Character Perspective in Toni Bambaras The Lesson

January 4, 2017 General Studies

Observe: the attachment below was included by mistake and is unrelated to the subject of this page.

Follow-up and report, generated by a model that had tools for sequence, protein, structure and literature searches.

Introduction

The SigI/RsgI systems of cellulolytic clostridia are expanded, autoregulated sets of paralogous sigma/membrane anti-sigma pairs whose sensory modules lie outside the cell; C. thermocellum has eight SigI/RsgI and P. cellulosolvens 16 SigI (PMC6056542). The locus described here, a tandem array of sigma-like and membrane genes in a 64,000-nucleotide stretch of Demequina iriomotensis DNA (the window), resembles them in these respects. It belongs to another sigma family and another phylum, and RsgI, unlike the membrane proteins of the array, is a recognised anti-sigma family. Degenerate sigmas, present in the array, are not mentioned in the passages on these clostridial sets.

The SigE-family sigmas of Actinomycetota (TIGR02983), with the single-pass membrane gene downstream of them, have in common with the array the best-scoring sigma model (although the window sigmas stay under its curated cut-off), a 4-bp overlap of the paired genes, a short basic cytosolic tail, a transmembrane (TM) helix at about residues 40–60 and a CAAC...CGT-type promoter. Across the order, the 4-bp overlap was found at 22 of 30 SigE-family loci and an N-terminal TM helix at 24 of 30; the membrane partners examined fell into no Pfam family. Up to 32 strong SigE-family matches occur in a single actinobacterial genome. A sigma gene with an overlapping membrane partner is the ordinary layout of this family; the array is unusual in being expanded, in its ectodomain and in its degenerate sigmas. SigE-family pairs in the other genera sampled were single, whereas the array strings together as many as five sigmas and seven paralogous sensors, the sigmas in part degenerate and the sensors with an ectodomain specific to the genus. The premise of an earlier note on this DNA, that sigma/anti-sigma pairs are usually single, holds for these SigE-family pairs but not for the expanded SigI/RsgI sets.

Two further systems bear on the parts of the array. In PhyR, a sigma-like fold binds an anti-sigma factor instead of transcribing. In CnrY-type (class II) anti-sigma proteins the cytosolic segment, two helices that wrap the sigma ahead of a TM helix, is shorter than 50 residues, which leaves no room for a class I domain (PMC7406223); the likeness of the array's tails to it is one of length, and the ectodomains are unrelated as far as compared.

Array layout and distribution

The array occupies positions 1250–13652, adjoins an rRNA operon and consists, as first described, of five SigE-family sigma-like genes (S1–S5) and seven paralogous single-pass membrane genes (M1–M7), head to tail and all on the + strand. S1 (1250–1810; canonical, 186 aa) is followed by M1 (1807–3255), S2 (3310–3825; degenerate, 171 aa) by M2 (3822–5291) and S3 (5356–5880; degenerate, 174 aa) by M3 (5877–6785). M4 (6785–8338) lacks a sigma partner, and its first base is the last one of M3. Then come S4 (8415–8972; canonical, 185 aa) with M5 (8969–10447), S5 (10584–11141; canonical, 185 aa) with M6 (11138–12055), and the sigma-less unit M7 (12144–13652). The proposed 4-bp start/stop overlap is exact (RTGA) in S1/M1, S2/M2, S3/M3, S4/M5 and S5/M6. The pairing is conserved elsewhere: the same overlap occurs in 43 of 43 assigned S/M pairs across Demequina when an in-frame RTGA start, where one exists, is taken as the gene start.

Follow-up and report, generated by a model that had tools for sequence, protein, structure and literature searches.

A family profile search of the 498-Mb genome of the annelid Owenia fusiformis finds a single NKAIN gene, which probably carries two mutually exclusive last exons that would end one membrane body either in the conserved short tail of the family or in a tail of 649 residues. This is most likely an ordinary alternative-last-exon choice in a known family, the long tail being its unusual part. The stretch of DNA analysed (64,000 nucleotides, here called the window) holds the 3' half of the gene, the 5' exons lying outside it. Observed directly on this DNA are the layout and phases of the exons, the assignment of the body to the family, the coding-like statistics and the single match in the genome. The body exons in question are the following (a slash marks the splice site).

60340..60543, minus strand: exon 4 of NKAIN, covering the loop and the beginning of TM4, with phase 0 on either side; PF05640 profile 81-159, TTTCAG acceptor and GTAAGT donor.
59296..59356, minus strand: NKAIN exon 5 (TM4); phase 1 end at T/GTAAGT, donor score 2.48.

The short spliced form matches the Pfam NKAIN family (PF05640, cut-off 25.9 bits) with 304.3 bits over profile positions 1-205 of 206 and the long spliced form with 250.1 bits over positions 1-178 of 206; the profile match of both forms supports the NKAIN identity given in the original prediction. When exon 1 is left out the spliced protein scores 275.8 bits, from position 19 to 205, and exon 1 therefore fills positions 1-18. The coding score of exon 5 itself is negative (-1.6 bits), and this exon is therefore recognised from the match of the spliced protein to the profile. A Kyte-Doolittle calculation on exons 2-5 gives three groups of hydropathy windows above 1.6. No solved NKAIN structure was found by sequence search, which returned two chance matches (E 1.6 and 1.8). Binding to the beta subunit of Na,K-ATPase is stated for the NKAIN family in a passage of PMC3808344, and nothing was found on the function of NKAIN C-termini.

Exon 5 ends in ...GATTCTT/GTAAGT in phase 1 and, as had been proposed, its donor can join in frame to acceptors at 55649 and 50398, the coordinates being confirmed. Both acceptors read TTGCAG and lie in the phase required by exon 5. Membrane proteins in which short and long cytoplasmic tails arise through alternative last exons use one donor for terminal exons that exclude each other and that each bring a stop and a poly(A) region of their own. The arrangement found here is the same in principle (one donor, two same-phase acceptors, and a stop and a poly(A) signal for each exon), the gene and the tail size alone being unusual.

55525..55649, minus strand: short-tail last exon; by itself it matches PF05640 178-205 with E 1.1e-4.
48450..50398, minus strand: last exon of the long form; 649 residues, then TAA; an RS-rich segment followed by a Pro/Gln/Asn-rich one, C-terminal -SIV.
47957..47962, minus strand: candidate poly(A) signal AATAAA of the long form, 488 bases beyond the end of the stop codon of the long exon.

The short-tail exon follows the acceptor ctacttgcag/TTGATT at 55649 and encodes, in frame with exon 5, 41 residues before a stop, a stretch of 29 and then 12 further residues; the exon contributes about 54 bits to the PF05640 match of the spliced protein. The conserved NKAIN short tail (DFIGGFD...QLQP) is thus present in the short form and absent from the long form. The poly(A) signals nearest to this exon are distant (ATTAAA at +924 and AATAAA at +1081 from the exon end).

One??™s perspective about society can be altered significantly for the better once it becomes exposed to a life lesson. The sensation of finding out the true and heartbreaking state of one??™s social status position among others and knowing that not much can be done about it is dreadful. While a number of people ignore the reality of poverty and its capacity for a meaningless future, others become mentally stronger about their situation and devise personal objectives which can lift them on the social ladder. In Toni Bambara??™s short story ???The Lesson???, the narrator is given a life lesson against her will that, in the end, proves to be more significant to her than she first realized. The character introduced by Bambara as the eye-opener for the poverty-stricken kids is an educated and intelligent African-American lady who noticed that they are in need of assistance for overcoming adversity. Sadly, poverty is still a big issue today that prospering countries need to deal with. It??™s the same problem occurring in the setting of this story, which is just around 40 years ago. Living in a racial and class injustice environment, the narrator in ???The Lesson??? realizes the differences between people within a society through social issues, economic problems and the depths one would surpass to achieve superiority.